In the Harry Potter series, JK Rowling created a fantastic wizarding world many around the world (myself included) enjoy. We even read (and/or watched) sample tastes of the wizarding world in France and Norway/Sweden (with students from as far away as Bulgaria) in the fourth book/movie.
I imagine many, besides myself, contemplate what this same wizarding world looks like in other countries and cultures. While the magic system, as written by Rowling remains largely the same (I think some cultures, for example, likely won’t be using Latin-based spells or even wands as a “channeling” focus for magic, but much of what can be done with these tools should remain the same), I think many cultural differences in form and practice would surface from one culture to another.
And arises the point of today’s post…a question for you, but first: I remember daydreaming away how this or that culture might practice magic in the Harry Potter world. I even started a fanfic in which I intended spotlighting some of the Japanese ways within the Harry Potter world, featuring a Japanese-British student. I even spotlighted on a Japanese term to call the muggles (a firecracker dud…it’s in my notes somewhere). Then I felt presumptive and lost in research on Japan.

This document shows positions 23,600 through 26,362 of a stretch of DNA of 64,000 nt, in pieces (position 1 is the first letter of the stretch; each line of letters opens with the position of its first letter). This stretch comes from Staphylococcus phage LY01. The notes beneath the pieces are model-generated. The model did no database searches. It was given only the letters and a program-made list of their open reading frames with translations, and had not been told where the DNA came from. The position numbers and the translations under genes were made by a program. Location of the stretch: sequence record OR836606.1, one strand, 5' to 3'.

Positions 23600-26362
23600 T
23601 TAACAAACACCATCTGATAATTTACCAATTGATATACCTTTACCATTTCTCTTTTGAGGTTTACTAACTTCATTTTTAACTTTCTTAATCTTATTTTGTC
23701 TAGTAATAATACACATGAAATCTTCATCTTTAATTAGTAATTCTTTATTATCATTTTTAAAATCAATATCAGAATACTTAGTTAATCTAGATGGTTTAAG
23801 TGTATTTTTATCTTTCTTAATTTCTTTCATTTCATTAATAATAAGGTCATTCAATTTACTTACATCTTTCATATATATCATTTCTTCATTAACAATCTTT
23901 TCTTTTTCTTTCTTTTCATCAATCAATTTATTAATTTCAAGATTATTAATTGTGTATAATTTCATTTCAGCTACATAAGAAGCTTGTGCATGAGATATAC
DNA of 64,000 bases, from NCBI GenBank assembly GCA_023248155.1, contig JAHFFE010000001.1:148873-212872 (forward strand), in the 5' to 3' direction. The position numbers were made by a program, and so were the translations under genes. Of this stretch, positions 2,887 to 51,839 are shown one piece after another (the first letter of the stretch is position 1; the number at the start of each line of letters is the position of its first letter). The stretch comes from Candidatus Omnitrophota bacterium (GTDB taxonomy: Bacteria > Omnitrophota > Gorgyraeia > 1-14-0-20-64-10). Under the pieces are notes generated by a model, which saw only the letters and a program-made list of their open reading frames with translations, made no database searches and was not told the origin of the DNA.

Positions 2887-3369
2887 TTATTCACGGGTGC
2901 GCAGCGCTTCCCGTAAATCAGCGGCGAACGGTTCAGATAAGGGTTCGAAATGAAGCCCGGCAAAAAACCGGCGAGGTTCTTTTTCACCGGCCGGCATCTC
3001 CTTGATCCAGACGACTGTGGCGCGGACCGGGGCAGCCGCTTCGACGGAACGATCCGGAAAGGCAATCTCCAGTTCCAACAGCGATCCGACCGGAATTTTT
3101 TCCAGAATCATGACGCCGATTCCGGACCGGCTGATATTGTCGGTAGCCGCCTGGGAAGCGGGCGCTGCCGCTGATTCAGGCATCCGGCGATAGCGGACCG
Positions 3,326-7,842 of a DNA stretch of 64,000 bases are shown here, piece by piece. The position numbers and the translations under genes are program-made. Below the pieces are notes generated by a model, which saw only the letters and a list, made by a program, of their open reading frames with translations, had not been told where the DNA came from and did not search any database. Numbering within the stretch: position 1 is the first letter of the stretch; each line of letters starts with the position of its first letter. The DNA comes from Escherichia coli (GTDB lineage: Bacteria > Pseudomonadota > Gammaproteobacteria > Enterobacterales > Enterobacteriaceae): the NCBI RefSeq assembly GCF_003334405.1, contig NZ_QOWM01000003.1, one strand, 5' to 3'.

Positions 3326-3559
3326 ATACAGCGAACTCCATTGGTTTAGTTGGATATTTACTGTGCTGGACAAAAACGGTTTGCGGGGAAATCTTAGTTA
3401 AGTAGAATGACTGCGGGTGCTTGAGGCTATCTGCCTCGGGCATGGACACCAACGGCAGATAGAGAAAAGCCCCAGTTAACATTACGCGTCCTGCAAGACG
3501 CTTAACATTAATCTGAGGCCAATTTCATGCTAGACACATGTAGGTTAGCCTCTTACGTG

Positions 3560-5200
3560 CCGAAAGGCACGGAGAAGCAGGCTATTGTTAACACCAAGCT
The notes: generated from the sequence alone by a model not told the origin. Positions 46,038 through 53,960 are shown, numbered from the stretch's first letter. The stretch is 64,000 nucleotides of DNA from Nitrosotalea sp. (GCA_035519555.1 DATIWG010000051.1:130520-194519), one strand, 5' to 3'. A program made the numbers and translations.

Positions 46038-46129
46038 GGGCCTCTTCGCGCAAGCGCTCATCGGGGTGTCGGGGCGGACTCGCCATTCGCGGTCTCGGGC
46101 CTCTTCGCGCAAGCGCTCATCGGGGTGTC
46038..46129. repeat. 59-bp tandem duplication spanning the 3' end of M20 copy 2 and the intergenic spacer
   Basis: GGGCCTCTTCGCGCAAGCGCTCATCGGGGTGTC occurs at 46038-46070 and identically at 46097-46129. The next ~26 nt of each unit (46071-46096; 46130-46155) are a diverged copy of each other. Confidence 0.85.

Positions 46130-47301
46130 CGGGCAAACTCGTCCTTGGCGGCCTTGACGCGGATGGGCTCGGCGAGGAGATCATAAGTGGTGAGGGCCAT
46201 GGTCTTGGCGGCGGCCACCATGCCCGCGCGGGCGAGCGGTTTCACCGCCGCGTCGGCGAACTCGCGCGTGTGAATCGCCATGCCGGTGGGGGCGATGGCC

My fanfic since moved somewhere closer to home and ancestry (for myself) and now features an Irish-American girl (Emily) whose family moves back to Ireland just before receiving her Hogwarts letter. However, I still possess this silly desire for fleshing out more of Rowling’s world in fanfic style.
In this case, I plan on fleshing out a bit more of the Irish sidhe (fae) in the Harry Potter world. Emily’s life is a lot more heavily tied to the sidhe world than she realizes. I know the fae world has been done and redone ad infinitum, but I hope I’m bringing a fresher turn. Plus, the fae world simply enchants me, personally can’t get enough.